China’s Greatest Emperor Offers Five Timeless Secrets for Newly Elected Leaders

As not just President Trump but other world leaders who have recently been swept into office confront the immensity of the job before them, they could profit handsomely from the advice of warrior-ruler Taizong Tang, who is arguably Asia’s greatest leader ever and whose three-hundred year dynasty (618-907) created a legacy that can’t be matched. In addition to defeating the descendants of Attila the Hun, he opened up the Silk Road trading route, created a golden age of prosperity and cosmopolitan culture, presided over a society in which women enjoyed higher status, and, for the first time, opened his country’s door to the world’s major religions.

Taizong and his advisors held many philosophical discussions regarding how to best run the government and achieve longevity. Here are fivetenets that helped the emperor compile a record that causes him today to be ranked with such figures as Napoleon and Augustus, and that, in his own time, ensured his popularity ratings were always high:

  1. Appoint officials with care. “I must be careful in appointing officials,” Taizong said to his ministers. “The people are watching. If I appoint an honest man, he will set a good example for all. If I appoint a wicked man, he will attract others who are likewise wicked men. If I reward a meritorious official, those with no merits will quit on their own. If I punish a wicked one, others like him will also get the warning.” “It is difficult to appraise a man,” his advisor Wei Zheng responded. “We have to look into his moral conduct before hiring him. We have to check up on his performance before promoting or demoting him. If we hire a man of mediocre ability, he may not do a good job, but the harm he can do is limited. If we appoint an evil yet capable man, he can cause a lot of damage.”
  2. Stick to principles. Taizong asked his officials to think independently, dare to disagree, and not muddle through for the sake of saving face. He said: “Those who hold dissenting views share the same objective—to serve the public interest. Some officials try to gloss over their faults. They don’t like criticism and hate those who speak out. Some officials try to avoid conflicts by all means. Even if they know it is a wrong decision, they choose to obey their superiors because they are afraid if they speak out they will cause their superiors to lose face. This kind of behavior must stop. They must understand it is a minor concern to cause somebody to lose face, but it is a serious matter to jeopardize public interest.”
  3. Look for good points in those you don’t like.Minister Wei Zheng wrote to Taizong, “Your Majesty is willing to forgive some big mistakes of your ministers but is rather intolerant of small errors. A small error can cause you to lose your temper. But you can’t run the government according to your personal preferences. Toward those you like, be aware of their shortcomings. Toward those you dislike, look for their strengths. If you can’t see good points in those you dislike, good people will be scared. If you can’t see weaknesses in those you like, villains will be emboldened.”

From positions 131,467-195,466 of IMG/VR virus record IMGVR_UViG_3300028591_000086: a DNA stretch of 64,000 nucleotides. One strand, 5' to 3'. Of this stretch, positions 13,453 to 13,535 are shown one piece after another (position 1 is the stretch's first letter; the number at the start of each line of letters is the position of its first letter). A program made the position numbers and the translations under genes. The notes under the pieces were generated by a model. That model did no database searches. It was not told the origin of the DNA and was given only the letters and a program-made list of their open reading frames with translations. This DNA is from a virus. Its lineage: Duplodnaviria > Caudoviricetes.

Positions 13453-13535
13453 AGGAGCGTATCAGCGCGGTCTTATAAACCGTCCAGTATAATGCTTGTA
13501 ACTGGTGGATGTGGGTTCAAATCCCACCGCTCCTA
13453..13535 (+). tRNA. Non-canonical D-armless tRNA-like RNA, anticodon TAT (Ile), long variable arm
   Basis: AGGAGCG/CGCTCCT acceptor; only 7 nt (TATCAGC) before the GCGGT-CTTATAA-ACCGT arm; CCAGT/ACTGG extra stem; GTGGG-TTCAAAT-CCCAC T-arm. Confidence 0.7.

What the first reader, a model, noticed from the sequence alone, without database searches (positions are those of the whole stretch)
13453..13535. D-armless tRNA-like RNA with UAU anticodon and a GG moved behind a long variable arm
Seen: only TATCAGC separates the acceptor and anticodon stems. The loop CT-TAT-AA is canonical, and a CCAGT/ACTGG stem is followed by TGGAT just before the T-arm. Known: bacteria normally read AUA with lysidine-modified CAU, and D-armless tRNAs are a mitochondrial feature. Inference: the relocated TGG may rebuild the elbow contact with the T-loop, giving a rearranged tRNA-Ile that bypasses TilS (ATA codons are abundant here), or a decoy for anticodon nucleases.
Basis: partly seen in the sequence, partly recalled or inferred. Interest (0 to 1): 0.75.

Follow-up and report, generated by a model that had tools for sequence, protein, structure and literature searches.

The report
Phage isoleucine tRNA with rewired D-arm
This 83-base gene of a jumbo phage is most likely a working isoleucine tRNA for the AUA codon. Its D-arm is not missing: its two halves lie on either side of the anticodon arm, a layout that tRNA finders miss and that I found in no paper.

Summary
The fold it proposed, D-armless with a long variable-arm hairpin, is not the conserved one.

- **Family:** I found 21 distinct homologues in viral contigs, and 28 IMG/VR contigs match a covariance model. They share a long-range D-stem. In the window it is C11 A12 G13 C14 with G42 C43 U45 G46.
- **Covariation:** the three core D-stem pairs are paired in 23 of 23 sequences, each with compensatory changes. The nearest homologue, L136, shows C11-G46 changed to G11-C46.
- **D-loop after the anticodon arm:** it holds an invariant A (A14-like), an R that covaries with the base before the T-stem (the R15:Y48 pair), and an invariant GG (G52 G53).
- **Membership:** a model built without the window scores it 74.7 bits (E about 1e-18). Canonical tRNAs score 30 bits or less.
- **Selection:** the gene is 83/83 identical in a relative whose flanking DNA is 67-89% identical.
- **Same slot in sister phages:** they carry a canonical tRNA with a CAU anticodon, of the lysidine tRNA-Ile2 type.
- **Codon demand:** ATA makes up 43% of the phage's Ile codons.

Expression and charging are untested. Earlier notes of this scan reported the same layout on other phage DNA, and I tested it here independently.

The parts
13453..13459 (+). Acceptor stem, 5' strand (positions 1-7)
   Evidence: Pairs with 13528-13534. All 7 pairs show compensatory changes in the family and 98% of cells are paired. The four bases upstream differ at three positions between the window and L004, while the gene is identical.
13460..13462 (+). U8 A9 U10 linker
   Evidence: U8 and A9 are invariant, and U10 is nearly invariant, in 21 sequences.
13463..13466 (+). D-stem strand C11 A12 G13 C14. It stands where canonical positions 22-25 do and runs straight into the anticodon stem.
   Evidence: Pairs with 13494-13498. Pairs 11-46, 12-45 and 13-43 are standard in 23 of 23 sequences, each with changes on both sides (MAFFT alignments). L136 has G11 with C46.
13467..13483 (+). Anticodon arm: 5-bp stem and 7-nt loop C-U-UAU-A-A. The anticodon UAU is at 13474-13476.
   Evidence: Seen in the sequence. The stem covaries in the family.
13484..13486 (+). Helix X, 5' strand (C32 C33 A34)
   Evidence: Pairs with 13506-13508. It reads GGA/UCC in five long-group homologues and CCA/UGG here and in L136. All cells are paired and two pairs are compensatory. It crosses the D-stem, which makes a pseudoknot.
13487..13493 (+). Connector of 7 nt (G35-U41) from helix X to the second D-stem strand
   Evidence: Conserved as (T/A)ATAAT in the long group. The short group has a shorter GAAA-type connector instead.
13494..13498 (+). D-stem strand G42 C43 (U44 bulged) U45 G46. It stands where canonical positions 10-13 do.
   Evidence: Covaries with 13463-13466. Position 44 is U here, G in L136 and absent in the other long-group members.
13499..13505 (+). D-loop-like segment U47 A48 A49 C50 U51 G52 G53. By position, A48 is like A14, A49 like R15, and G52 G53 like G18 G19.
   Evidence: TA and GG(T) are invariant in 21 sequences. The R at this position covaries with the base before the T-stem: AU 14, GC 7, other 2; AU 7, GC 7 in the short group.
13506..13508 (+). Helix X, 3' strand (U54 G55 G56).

4. Seek complaints and criticism.Taizong said, “The ruler runs the country from the depth of his office. But he cannot see everything he should see and hear every voice he should hear. As a result, if he makes a mistake, he may not know; if he does something wrong, he cannot correct it in time. That is why he needs to hear complaints, heed different views, and listen to other people’s advice. Wholesome advice often grates on the ear, but it can benefit you. Flattery is often pleasing to the mind, but it can do you harm. The enlightened ruler follows wholesome advice. Even though it may taste bitter, it can cure his sickness. The ignorant ruler likes flattery. Even though it may taste sweet, it can destroy him.”
  5. Respect followers.Minister Wei Zheng cautioned Taizong in a memorandum, “When a ruler is establishing a new regime, he is sincere to his followers. But once he has won, he becomes arrogant. When he treats people in good faith, they rally around him. When he becomes supercilious, even his own brother will be alienated. If he abuses his power and intimidates his subordinates, they will come up with various ways of countering him. Outwardly they may show respect, but inwardly they will feel resentful and will betray him in the end.”

Taizong was a fearless warrior and a brilliant strategist. In the course of founding the Tang dynasty, he defeated many contenders, personally slaying a thousand men in battle. At the same time, he was an ardent student of history. He understood, long before George Santayana and Winston Churchill, that those who fail to learn from history are doomed to repeat it. He’d witnessed firsthand the disintegration of the earlier Sui dynasty; its chief of state was cruel and egomaniacal, and his court infested with sycophants and derelicts.

Taizong preferred to look for inspiration to theolder Han dynasty.One day its founding emperor was visited bya scholar who talked with him about Confucian classics. The emperor was bored and told him to shut up.

“I conquered the world on horseback. Why should I be bothered about Confucius?”he said.

“YourMajesty has won the world on horseback, but can you rule it on horseback?” the scholar challenged.

The emperor saw his point and proceeded to runthe country by Confucian values. As a result, the Han dynasty lasted more than four hundred years. Taizong never forgot the lessons embedded in the reigns of his predecessors.

– Rosaleen Mahorter